As their spots in the competitive hierarchy differed when the big cracks came, so did the impact. While the memory has been blunted by age, Indurain’s demise was much more of a surprise at the time -- unlike Armstrong's, it wasn't preceded by a third place the previous year. But more importantly, it left a much bigger hole. Bjarne Riis and Jan Ullrich stepped into the vacuum in 1996, and the rest is history, as both men went on to become major forces in the sport for the next decade. Armstrong’s departure from Tour contention in 2010, by contrast, leaves no vacuum at all, except perhaps in the hearts of some cycling fans and Phil Liggett. The reason that’s so is at least partially due to the arc of Armstrong’s career, and namely the rich crop of grand tour contenders that have flourished in the three-year absence of his considerable shadow. Nothing much was able to sprout under Indurain’s continuous shade, and a lot of what was already growing – Greg Lemond, Tony Rominger, Charly Mottet – wilted over his five years of dominance.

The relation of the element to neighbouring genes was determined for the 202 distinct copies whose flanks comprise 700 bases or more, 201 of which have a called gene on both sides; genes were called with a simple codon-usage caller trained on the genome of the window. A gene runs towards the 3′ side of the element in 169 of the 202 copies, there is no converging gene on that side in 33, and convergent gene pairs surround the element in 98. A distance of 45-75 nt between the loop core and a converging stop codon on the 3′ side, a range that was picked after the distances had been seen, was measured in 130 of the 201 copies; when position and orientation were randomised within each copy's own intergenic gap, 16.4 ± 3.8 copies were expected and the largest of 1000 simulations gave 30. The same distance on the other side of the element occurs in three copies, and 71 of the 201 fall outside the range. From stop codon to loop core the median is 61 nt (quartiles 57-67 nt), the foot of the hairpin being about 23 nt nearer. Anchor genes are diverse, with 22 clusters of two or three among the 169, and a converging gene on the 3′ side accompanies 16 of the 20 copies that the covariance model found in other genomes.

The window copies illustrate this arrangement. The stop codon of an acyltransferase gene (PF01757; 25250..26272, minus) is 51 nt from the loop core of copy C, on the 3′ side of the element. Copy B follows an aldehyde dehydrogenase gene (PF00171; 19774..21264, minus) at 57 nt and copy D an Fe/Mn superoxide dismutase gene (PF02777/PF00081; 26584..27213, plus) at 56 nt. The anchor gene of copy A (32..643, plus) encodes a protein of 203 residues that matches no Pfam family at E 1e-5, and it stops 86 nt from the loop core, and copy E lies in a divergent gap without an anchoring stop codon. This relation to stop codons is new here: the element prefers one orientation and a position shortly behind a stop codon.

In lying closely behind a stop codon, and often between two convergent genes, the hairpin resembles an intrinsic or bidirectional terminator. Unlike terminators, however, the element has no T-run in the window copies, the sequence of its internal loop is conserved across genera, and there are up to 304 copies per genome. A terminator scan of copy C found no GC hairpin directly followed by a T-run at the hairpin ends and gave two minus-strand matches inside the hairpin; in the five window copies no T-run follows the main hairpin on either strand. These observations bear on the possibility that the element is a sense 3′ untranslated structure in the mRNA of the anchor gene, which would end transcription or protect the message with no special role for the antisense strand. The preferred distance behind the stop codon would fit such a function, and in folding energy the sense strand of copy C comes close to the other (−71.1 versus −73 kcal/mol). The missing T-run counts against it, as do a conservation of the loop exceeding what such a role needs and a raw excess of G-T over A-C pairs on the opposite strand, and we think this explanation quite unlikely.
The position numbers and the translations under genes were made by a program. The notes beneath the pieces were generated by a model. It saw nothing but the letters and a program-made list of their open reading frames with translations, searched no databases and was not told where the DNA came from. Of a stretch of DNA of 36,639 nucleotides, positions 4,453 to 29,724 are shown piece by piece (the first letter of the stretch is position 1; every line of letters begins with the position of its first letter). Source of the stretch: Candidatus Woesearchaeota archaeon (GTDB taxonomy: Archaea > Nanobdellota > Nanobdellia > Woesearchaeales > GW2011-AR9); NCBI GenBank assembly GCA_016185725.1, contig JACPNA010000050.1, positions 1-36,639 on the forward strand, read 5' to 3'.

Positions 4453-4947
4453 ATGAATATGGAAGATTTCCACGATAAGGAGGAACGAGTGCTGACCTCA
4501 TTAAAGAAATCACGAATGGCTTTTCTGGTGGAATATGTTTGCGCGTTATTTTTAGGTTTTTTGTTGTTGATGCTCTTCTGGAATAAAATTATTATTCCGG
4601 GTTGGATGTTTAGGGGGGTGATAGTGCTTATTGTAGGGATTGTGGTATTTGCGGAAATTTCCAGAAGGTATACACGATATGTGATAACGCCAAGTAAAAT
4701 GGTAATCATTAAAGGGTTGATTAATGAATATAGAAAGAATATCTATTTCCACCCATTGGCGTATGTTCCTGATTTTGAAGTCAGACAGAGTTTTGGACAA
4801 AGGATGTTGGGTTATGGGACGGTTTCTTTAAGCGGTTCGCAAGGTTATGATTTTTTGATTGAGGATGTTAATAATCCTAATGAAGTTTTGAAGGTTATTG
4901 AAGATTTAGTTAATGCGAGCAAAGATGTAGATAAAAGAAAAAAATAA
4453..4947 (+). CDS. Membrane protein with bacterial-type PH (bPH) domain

But the most dramatic way in which Armstrong’s collapse differs from Indurain’s is that Armstrong’s was, in a sense, more voluntary, or at least a more known risk at the time it occurred. Indurain’s day at Les Arcs was simply a marked endpoint to a career – the point at which, for whatever reason, whatever it was he’d had just suddenly left him. He just rode until he didn’t have it anymore, then retired. Not so Armstrong. On his retirement in 2005, Armstrong had managed to get out of the game before that moment struck, and left the sport without giving it the sweaty-faced, fall-of-a-champion, the-king-is-dead snapshot to go with the written obituary. It was remarkable – a degree of restraint rarely seen in cycling.
As we all know by now, though, retirement didn’t take, and Armstrong returned to the sport after a three-year hiatus. He did so of his own accord, and being Armstrong, people ascribe that decision to any number of things from one end of the spectrum to the other – from charity, selflessness, and passion to jealousy, vanity, and greed. I’m not going to wade into that swamp, but one thing’s for sure: when he returned to the sport last year, Armstrong had to know he risked erasing the triumphant memory of his first departure and replacing it with this very moment from his second. And here we are.